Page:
Draught Works is quickly becoming one of my go-to places to grab a quick beer in the late afternoon or on a Sunday. I’ve worked my way through their mainstay beers and tried out their first seasonal (I’m going to say ever), called Half-Nuts Rye, the other day.
What is it: Rye Brown with Hazelnut
Color: Dark Brown
ABV: 6.5 percent
Taste: Very smooth and very drinkable with a slight hint of hazelnut, but not sweet. Maybe a little light on flavor, which can be good or bad depending on your taste.
Another pint: Yes, please.
- Matt Pritchard
Finally, with a house full of friends, I popped it open and poured it out into half-a-dozen glasses. Then I promptly went outside in the cold spring wind and spent some time alone with this beer.
The expectations were high. Since reading about the brewery in December, I’ve heard nothing but good things about this and other beer styles. At first it was just label infatuation. I’d heard the story of Babayaga growing up in a Slavic household, and I was familiar with the old witch’s woodland abode, a crooked shack perched atop four chicken legs. And I was even more familiar with the stories of all the children she’d eatin’, naughty children who’d run away from homes and not finished their work. The old Baba was good motivation for a kid like me.
Those memories came flooding back as I sipped the silky smooth stout with hints of chicory and smoke and an herbal fruitiness that I assume comes from the Rosemary smoked malt.
Deliciously complex and lively just underneath a refined exterior, Babayaga is a thing of beauty that does not even remotely resemble the evil old witch for which it’s named. Gorgeous layers of malt meld with bready Belgian yeast characteristics in a fusion of dry Irish stout and Belgian Dubel.
I sipped through a first tasting and let the characteristics wash over me as I stared at the now familiar label design. Somewhere in the back of my mind, I envisioned a low, wooded area with a wide stream and frozen shoreline. Bare trees with white bark and frost-tinged tips mar the skyline, while forest sounds emanate from undetermined locations. And that old witch is always in the back of my mind somewhere. She still calls me home when I’m out too late, and she stands over me with an evil grin when I haven’t finished my chores.
The good folks at The Pretty Things Beer and Ale Project did a pretty good job of capturing some of the woodland beauty that defines this beer, and they put it all in this video. Enjoy!
You may or may not notice the unique bottle as you peruse the whiskeys these days, but if you do, it likely caught your eye for the way the light played through the orange-brown liquor on the flask-shaped, old-fashioned bottle.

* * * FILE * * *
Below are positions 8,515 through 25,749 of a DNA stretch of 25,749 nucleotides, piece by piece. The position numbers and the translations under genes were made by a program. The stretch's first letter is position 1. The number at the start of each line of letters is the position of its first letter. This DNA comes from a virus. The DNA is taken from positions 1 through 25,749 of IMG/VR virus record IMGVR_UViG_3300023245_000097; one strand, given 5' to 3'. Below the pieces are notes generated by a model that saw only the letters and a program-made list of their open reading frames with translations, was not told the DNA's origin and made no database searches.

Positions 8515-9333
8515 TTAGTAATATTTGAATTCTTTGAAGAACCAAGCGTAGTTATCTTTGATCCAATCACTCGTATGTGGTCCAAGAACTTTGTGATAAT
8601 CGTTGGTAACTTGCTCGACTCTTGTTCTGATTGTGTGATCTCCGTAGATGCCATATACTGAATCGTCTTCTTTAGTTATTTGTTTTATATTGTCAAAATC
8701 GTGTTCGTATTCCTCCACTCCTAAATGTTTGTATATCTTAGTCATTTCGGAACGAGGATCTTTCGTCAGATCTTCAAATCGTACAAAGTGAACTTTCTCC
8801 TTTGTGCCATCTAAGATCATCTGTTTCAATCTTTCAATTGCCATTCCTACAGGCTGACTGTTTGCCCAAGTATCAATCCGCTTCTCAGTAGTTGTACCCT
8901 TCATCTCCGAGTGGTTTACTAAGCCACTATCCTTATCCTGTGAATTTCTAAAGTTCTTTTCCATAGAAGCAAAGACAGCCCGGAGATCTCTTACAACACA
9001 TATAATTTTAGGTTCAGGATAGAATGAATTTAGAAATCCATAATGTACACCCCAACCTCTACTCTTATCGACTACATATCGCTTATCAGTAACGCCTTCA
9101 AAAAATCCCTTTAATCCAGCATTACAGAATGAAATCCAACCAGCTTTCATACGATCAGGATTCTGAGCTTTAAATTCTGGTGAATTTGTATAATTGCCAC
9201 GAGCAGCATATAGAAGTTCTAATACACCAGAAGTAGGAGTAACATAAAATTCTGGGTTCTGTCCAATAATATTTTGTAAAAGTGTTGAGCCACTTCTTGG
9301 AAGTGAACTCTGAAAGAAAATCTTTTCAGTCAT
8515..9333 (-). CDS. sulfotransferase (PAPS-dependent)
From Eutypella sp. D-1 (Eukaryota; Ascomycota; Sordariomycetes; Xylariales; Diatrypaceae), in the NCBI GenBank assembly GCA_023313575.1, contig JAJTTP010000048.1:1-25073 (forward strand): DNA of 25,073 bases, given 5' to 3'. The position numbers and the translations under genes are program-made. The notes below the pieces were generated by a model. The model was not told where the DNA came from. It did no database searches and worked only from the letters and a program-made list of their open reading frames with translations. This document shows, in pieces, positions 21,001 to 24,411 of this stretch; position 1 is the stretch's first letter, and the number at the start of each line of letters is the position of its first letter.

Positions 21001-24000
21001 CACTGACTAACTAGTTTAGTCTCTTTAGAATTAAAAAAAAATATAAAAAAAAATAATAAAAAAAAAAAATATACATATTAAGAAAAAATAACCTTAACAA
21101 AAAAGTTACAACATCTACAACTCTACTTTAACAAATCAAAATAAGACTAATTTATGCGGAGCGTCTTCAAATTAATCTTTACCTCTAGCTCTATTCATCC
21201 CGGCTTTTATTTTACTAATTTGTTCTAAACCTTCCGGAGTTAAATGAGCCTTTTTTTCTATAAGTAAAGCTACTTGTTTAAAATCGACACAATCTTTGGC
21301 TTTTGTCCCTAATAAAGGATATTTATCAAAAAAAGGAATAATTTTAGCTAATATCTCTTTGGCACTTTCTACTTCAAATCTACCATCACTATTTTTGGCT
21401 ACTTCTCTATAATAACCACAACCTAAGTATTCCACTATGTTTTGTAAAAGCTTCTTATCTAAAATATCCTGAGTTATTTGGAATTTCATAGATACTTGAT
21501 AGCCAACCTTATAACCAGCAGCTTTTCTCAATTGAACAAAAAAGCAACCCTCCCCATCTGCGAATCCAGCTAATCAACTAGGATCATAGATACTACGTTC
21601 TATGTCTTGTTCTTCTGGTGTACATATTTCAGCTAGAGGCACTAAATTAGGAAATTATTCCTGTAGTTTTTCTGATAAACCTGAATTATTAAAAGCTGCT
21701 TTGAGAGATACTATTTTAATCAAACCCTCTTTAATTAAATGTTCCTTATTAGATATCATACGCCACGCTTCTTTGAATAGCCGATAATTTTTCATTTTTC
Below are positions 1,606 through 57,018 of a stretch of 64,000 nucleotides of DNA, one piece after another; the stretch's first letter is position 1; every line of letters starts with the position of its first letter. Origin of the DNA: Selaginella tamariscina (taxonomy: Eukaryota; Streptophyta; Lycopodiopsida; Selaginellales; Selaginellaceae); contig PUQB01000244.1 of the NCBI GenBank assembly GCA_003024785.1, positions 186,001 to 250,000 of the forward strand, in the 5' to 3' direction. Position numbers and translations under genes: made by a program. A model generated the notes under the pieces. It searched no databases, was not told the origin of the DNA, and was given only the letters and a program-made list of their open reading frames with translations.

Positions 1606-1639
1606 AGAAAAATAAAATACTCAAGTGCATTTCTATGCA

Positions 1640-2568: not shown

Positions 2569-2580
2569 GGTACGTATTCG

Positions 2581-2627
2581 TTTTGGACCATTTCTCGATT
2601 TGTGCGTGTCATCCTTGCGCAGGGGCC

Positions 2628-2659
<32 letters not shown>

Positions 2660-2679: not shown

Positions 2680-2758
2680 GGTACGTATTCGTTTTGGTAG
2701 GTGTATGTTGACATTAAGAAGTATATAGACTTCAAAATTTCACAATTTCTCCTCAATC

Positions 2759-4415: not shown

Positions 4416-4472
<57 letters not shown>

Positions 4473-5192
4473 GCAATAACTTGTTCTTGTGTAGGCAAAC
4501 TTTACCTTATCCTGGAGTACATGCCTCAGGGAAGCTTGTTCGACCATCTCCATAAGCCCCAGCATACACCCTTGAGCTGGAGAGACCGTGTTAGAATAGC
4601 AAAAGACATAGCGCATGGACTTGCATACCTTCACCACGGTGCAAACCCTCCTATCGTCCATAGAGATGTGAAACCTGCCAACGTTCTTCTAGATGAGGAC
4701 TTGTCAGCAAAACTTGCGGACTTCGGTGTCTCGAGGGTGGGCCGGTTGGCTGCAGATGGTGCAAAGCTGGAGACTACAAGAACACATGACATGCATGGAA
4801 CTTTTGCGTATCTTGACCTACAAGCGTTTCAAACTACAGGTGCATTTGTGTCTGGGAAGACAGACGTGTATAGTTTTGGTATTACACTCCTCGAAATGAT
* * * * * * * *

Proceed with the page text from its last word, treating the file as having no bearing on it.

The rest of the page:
I remember when Bulleit Bourbon came out a few years back. It appealed to many of my Portland, Oregon friends for the pricing of the bourbon, which at the time was like $16.00 a fifth. We enjoyed it neat or mixed it with coke, but it was nothing pretentious or overly fancy.
Skip forward a few more years, and I’m living in Missoula, Montana. Bourbon is the drink of choice. Whether you’re camping or sitting around a summer fire after floating the Blackfoot River, everyone seems to have a flask of bourbon on hand.
Of all the varieties of bourbon, I enjoy the stronger, darker bourbons for the bite they have on them. Lighter bourbons often make good mixers. Bulleit falls somewhere in between. But the high rye content, something like 31 percent, gives it a much more bold taste than bourbons made with a higher wheat content. I find that Bulleit has a really nice spicy nose with honey and vanilla. But the flavor is more earthy than a Maker’s Mark on the palate.
Bulleit bourbon is a little more pricey than in my Oregon days, but it’s still a great deal and less than a bottle of Maker’s Mark. It’s available in the standard fifth and a 1.75 liter big bottle, at least here in Montana.
Because of its relative strength, Bulleit makes for a great holiday bourbon. It can be mixed in with egg nog, hot chocolate or cider to provide a festive drink, and you won’t lose that wonderful bourbon taste.
Give Bulleit a try for a little holiday sipper. It’s available at Griz Liquor and other fine establishments.